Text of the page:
Deviated Nasal Septum – Septoplasty and Nose Surgery in Sydney

nasal-septoplasty

The nasal septum

  • The nasal septum is the wall dividing the nasal cavity into halves
  • The septum is composed of cartilage and bone covered on each side by mucous membrane
  • The ideal nasal septum is midline, separating the left and right sides of the nose into passages of equal size
  • The nasal septum may develop bends as it grows or be damaged by injury to the nose – called nasal septum deviation – causing a blocked nose
  • Nasal septoplasty surgery opens up the nasal passages blocked by a bent septum to improve breathing

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Picture of Deviated Nasal Septum

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Nose after septoplasty surgery

Nasal septal deviation

Diagnosis

    • A blocked nose is often caused by a bent nasal septum
    • Nasal examination including nasal endoscopy will assess the internal structures of the nose and identify the cause of a blocked nose
    • If sinusitis is suspected in addition to a nasal septal deviation, then a CT scan will be helpful
Nasal septum - septoplasty and sinus surgery in sydney

CT scan showing a deviated nasal septum and turbinate enlargement

 

Surgical procedures

  • Nasal septoplasty is often performed together with other procedures as needed including:
    • Endoscopic sinus surgery
    • Rhinoplasty
    • Turbinate reduction surgery / Turbinectomy
  • Nasal septoplasty may also be performed to improve access to the sinuses during endoscopic sinus surgery
  • Septoplasty surgery may be performed together with a rhinoplasty to reshape the nose and improve the appearance of the nose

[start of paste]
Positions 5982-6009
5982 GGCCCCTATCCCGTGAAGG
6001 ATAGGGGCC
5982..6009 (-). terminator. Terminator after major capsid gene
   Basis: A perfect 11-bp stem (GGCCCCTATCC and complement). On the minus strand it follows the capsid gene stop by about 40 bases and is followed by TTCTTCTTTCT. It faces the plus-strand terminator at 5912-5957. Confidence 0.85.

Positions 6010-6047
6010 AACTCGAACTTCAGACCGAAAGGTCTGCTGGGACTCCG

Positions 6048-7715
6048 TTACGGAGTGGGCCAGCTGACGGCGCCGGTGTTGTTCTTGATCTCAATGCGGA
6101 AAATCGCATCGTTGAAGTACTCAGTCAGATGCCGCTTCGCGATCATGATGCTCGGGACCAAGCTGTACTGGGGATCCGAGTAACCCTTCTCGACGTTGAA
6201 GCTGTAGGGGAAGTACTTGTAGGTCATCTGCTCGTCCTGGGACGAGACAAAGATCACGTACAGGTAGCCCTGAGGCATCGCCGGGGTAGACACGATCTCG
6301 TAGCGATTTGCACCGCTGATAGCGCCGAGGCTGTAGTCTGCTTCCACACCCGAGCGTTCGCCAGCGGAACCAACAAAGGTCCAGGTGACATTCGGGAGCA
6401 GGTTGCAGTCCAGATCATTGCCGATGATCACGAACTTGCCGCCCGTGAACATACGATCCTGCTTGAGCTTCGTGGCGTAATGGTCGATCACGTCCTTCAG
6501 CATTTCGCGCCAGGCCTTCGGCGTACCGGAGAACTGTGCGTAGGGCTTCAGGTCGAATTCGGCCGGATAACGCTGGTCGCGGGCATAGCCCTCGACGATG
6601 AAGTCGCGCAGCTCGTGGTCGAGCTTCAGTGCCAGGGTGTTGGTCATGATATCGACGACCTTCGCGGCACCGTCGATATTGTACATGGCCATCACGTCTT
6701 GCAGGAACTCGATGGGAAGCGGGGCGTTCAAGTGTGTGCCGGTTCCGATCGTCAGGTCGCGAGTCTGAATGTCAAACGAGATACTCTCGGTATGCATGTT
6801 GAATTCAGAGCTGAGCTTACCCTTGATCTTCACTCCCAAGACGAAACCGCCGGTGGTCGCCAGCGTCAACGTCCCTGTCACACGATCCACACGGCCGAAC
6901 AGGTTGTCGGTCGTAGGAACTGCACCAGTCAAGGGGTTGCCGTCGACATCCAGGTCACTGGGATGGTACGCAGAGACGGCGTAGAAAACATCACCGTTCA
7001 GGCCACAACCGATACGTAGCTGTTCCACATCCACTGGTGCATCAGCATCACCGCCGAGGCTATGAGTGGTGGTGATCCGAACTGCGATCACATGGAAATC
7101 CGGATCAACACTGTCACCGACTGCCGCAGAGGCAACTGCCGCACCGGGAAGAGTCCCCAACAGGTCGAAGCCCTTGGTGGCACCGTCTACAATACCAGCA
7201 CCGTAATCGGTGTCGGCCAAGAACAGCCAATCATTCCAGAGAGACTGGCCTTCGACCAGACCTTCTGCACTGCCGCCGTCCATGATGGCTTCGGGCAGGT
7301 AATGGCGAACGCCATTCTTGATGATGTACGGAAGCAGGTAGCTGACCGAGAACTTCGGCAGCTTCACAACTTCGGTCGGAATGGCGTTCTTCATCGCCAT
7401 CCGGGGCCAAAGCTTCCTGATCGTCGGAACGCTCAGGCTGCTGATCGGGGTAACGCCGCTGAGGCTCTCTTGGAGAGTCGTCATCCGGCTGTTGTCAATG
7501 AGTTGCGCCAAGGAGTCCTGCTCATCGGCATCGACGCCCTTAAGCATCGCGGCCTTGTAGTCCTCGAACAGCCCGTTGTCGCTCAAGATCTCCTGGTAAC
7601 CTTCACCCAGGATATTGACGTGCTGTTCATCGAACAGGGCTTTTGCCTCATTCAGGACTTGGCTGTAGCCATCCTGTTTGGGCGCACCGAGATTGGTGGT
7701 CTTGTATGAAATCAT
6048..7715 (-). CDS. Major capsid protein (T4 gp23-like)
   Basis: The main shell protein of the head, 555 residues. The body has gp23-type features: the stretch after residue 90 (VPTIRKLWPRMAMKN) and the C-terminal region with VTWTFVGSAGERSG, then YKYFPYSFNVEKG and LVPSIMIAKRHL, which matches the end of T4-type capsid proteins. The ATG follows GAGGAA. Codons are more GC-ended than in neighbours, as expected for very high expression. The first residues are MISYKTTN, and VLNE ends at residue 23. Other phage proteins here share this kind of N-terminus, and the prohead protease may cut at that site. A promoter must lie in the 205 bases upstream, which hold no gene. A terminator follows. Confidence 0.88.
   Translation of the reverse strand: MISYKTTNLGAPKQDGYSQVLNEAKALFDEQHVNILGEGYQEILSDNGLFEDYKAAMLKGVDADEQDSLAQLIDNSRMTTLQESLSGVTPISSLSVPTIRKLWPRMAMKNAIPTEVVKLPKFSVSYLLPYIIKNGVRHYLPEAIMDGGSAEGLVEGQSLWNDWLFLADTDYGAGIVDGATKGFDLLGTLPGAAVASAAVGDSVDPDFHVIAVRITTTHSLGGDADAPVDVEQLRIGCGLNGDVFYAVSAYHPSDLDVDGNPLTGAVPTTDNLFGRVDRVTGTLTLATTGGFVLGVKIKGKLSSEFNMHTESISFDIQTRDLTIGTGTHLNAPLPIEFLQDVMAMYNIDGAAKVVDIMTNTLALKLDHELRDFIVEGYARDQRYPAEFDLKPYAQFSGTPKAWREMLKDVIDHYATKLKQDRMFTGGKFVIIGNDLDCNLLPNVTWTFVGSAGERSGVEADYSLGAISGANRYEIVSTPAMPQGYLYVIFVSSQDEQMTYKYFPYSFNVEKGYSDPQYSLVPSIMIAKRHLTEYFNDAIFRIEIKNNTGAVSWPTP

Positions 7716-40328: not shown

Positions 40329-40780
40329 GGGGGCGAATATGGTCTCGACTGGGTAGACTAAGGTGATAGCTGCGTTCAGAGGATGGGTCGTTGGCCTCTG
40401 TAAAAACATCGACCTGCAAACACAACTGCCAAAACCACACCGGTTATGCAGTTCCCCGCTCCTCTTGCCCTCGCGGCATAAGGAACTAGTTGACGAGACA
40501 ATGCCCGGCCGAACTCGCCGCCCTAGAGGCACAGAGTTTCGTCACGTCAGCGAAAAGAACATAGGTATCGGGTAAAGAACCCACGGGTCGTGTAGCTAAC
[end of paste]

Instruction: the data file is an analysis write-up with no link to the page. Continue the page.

• Nasal septoplasty is a surgical procedure performed through the nostrils, so accordingly no bruising or external signs occur
  • When septoplasty surgery is combined with a rhinoplasty, the external appearance of the nose is altered and temporary swelling/bruising of the face is evident
  • A septoplasty may be performed together with surgery to reduce the turbinates (turbinate reduction) when the turbinates are blocking the nasal passages
  • Turbinate reduction surgery or turbinectomy works together with nasal septoplasty surgery to increase the size of the nasal passages and improve breathing through the nose

Septoplasty surgery

  • The time required for the nasal septoplasty averages about one to one and a half hours, depending on the severity of the blocked nose
  • In most cases an internal incision is made within one of the nostrils
  • The lining covering the nasal septum is lifted and the underlying cartilage and bone are straightened
  • The septum is realigned as close to the midline as possible leaving the normal support of the tip of the nose intact
  • Once the septum is realigned the incision is closed with dissolving stitches and the nose may be packed or internal splints may be placed
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Anatomy of the nasal septum

Anaesthesia for septoplasty surgery / septoplasty turbinectomy

  • Nasal septoplasty can be done with a local or combination of local and general anaesthetic